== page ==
Parties carry mortgages and food bills on their backs. We may not be taught to associate corporate events with heroism. They involve battles fought with the most bathetic of instruments, with bad jokes and remarks about the quality of the canapes, but they are battles nonetheless, comparable in their intensity and demands to the tracking of furtive animals through the deadly forests of the prehistoric world.

It's impossible to be a social creature, to be part of society, and not feel miserably ripped apart by envy quite a lot of the time. Of course, few emotions are as taboo for us as envy.

If we chuckle at Gore Vidal's famous quip - "Every time a friend of mine succeeds, a small part of me dies" - it is because it gives us a rare chance to own up to a feeling that we are otherwise largely forced to endure in lonely silence.

Then again, as social creatures, we should be careful to deny ourselves the chance to feel envy fairly regularly. To refuse to feel envy is also to refuse any chance of growth or development, for our envious feelings are in truth important guides to what we should aim for in life.

To shut yourself off from all envious feelings is also to shut yourself off from what you actually want, and might one day have - if you can bear to look frankly at what is still missing.

It is only right, indeed healthy, for anyone starting out in business or sport or cookery or art to envy more successful people - to pour over their success and feel crushed by a sense of inadequacy by comparison. How else could one ever have the energy to achieve?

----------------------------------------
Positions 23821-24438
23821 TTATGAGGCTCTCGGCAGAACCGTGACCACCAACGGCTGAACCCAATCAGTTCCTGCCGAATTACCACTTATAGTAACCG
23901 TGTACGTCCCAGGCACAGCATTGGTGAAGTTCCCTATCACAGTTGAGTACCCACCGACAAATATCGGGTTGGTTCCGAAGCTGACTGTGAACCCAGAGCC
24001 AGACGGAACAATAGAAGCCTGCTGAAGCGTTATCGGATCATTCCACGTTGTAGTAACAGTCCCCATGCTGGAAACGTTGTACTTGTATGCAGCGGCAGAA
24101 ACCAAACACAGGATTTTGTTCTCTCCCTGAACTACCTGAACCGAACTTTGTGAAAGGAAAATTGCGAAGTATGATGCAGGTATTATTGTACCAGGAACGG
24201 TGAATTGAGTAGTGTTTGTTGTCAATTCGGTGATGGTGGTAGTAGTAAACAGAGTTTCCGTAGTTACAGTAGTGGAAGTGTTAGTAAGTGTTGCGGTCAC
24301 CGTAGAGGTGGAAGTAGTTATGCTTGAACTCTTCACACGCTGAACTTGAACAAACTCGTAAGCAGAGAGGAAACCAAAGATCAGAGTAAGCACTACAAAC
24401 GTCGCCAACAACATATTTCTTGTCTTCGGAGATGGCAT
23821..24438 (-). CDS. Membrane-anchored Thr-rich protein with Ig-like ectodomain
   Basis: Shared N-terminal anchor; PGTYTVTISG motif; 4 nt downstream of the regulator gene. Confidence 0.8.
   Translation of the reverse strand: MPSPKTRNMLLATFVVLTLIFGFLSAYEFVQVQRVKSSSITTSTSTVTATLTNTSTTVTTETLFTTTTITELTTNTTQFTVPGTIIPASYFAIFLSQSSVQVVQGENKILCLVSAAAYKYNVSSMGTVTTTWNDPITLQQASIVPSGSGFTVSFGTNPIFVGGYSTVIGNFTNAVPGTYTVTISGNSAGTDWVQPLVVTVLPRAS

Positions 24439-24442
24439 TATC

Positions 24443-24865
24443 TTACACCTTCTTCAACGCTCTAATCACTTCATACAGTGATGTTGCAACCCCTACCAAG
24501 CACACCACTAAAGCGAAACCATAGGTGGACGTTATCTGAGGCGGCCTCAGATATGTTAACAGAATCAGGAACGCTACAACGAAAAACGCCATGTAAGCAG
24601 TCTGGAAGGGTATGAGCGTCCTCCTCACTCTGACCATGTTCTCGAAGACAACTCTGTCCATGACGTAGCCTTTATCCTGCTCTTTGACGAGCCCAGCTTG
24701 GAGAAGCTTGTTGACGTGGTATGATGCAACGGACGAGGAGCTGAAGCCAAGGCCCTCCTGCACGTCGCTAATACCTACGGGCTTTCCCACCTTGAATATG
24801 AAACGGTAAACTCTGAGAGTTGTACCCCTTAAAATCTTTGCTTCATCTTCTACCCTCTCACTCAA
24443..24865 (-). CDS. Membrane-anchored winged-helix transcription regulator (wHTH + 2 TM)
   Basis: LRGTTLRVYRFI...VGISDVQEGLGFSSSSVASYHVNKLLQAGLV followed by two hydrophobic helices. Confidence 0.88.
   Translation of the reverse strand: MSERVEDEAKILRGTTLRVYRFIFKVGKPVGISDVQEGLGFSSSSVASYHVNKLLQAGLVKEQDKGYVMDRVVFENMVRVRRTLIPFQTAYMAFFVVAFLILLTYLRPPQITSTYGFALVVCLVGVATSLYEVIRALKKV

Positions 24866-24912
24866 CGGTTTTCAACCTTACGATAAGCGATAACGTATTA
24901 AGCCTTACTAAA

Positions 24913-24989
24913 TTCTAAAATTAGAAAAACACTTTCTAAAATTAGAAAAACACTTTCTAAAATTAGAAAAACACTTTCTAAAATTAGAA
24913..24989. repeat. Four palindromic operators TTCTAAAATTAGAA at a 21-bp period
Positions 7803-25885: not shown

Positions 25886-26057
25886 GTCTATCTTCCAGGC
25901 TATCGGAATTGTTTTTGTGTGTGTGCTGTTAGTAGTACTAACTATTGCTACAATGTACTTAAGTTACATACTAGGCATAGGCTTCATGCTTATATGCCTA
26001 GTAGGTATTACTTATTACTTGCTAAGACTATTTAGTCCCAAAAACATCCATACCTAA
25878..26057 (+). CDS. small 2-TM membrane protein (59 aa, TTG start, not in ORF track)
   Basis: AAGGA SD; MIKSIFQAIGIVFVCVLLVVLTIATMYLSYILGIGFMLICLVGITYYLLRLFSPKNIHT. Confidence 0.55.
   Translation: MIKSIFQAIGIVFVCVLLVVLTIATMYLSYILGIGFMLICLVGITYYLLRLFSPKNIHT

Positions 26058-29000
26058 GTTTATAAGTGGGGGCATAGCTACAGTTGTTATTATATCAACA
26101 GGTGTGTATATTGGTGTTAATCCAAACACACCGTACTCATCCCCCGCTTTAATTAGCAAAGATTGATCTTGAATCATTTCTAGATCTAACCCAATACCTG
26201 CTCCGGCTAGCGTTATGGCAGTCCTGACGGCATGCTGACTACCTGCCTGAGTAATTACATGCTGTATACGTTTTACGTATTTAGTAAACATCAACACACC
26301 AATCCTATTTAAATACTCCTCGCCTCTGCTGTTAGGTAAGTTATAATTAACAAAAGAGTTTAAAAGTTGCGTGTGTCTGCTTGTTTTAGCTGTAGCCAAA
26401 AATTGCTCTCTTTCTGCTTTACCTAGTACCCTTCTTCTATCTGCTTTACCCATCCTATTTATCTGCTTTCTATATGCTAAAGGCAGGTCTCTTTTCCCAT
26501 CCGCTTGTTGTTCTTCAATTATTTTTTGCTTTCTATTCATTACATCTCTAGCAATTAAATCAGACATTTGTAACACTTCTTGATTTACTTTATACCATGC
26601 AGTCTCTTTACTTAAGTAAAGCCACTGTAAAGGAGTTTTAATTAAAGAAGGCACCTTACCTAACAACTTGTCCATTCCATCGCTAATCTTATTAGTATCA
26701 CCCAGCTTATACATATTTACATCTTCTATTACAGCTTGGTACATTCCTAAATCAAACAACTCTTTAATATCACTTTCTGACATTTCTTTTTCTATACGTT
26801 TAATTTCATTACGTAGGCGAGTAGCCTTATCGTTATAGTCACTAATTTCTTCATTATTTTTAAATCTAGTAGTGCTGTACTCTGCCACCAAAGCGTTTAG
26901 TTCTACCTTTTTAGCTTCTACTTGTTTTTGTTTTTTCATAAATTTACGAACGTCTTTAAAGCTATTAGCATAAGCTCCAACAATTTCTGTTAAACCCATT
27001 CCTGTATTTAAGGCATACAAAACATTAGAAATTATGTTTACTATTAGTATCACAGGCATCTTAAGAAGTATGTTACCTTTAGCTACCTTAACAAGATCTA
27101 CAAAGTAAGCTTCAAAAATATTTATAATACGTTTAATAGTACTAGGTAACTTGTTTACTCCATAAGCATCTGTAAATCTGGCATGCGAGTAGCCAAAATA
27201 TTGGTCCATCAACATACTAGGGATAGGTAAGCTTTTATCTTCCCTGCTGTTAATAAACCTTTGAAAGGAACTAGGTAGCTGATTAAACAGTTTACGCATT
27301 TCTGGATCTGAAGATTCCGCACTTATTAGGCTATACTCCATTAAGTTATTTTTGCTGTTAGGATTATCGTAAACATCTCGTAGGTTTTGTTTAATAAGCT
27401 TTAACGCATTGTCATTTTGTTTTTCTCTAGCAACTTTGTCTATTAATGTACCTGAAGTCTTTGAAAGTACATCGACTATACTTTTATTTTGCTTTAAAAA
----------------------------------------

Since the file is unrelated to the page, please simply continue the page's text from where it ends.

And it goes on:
Envy becomes noxious when we become helpless before it. We can fall into hatred, pure and simple, and then, gradually, a self-destructive bitterness.

The most envious people are often consciously unaware of their envy, and their inadequacies infect their judgements on everything. The person envious of another's love life will start to make abstract speeches about how romantic love is an illusion.

Image caption Social aspiration is a recurring theme

We are in danger of missing out on something valuable when we simply label envy a sin. Like many of our drives, it has positive and negative components, which need to be balanced and managed - rather than simply cut out like a cancer.

We might respect envy as the first step, painful but inevitable, towards generating something we can be proud of - something that will make others envious.

What really marks out corrupt as opposed to forgivable social climbers is the former's strong belief that the rich, powerful and famous are at heart better than other people. They don't merely accept that these types are lucky or gifted in a particular area, they sincerely hold that they are finer human beings. This is the route to true snobbery as well as to a vicious neglect of anyone who cannot display the necessary badges of success.

In the 16th Century, the French philosopher Montaigne advised us to remember the role played - in his words - by "chance in bestowing glory on us according to her fickle will: I have often seen chance marching ahead of merit, and often outstripping merit by a long chalk".

So Montaigne asked that we keep a rein on our excitement when meeting the powerful and wealthy and on our judgements when encountering the poor and obscure.

As he wrote: "A man may have a great suite of attendants, a beautiful palace, great influence and a large income. All that may surround him, but it is not in him. Measure his height with his stilts off."

There are better and worse people at large in the world, but it is naive and cruel to assume that they could be so conveniently located on the basis of how much money they have or what work they do.

It is this the snob refuses to believe, trusting instead in the existence of water-tight elites whose members unfailingly win out over the rest of us - electricians, nursery teachers or writers whose names one has never heard of.